Auditor Yost Warns of Cybercrimes Targeting Local Governments

Thursday, June 9, 2016

Columbus – Auditor of State Dave Yost today warned treasurers, fiscal officers and others responsible for spending public money that cybercrimes targeting government are on the rise and urged them to be on alert.

“We’ve all seen and heard about the criminals who try to steal our personal funds. These scammers would like nothing more than to get their sticky fingers on our tax dollars, too,” Auditor Yost said. “We need to be vigilant because they are becoming increasingly sophisticated in how they attempt to steal money through the internet.”  

The cybercrimes vary in how they scam individuals and governments, but typically involve an email – a practice known as ‘phishing’ – that contains either a link or an attachment that, when opened, infects computers or entices the recipient to share account information and passwords. Some of the attachments launch viruses that essentially take data hostage until a ransom is paid (known as ransomware).

Yost’s warning was prompted by several recent attempted scams, including one involving the Big Walnut Local School District in Delaware County. In early May, an employee in the treasurer’s office received an official-looking email from the treasurer asking that a vendor be promptly paid. The email had all of the markings of a district email, including the appropriate email address and letterhead. The employee and an individual who appeared to be her boss exchanged several emails to answer questions before the transfer of $38,520 was made. 

“Some of these scam artists can make your eyes deceive you,” Auditor Yost said. “You need to be vigilant, especially if a proposed transaction originates from an email. When dispersing funds online, we must verify first, then trust.”

Yost called on local governments to:

  • Review how their contact information is publicly displayed and consider removing email addresses to reduce the number of targets available to scammers; 
  • Create established procedures for regular updates of anti-malware software and backing up of data; and
  • Establish defined protocols for anyone dispersing public funds, especially when the requested transfer is initiated by email.  

Authorities continue to investigate the crime at Big Walnut schools, which has already implemented new policies governing this type of transaction. Fortunately, no taxpayer dollars were lost as all of the money was recovered through direct recovery and other means.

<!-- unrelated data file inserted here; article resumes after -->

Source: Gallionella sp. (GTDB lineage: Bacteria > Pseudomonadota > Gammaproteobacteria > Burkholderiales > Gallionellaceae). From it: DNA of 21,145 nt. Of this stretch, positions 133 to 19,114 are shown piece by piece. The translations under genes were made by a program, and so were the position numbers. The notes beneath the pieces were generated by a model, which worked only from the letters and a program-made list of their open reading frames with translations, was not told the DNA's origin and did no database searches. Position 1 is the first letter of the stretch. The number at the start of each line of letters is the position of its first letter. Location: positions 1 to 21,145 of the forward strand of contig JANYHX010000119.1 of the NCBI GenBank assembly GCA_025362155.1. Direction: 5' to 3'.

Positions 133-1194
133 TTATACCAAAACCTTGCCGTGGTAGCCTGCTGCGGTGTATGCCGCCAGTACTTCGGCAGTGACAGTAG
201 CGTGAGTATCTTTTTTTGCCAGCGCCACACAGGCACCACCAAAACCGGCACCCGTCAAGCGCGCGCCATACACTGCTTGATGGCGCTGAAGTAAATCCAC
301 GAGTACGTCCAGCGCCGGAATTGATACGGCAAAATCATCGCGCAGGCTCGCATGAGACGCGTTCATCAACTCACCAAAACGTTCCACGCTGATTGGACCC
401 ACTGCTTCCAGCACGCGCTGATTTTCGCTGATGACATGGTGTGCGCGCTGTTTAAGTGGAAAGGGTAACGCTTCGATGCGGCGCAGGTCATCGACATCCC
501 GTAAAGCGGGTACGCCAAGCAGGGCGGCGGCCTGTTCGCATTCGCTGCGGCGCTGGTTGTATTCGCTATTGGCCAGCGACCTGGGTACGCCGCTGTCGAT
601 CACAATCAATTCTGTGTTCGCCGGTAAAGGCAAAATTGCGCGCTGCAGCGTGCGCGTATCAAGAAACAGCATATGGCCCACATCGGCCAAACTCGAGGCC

Other communities have been victimized as well:

  • An investigation continues in an eastern Ohio county after the county’s court data was attacked by ransomware on May 31. A virus had encrypted the court’s data and hackers demanded $2,500 for the key to unlock the information. Because a recent copy of the data wasn’t available, the county agreed to pay the $2,500. (Note: Because the transaction is ongoing, we are not identifying the county.)
  • A similar ransomware attempt was made April 5 in Vernon Township (Clinton County). That cyberattack did not result in the payment of any ransom because the township’s data was backed up.
  • In Peru Township (Morrow County), the township fiscal officer’s computer began screeching on March 9 before a notice appeared on the screen advising that a solution was available by calling an 800 number. The township paid $200 to stop the attack.
  • In Madison County, the Agricultural Society was scammed out of $60,491 through someone posing as the IRS, collecting back taxes. The incident occurred in September.

“The internet is the tool of choice for criminals, and we need to make it as difficult as possible for thieves to access community treasure chests,” Yost said. 


The Auditor of State’s office, one of five independently elected statewide offices in Ohio, is responsible for auditing more than 5,800 state and local government agencies.  Under the direction of Auditor Dave Yost, the office also provides financial services to local governments, investigates and prevents fraud in public agencies and promotes transparency in government.

Ben Marrison
Director of Communications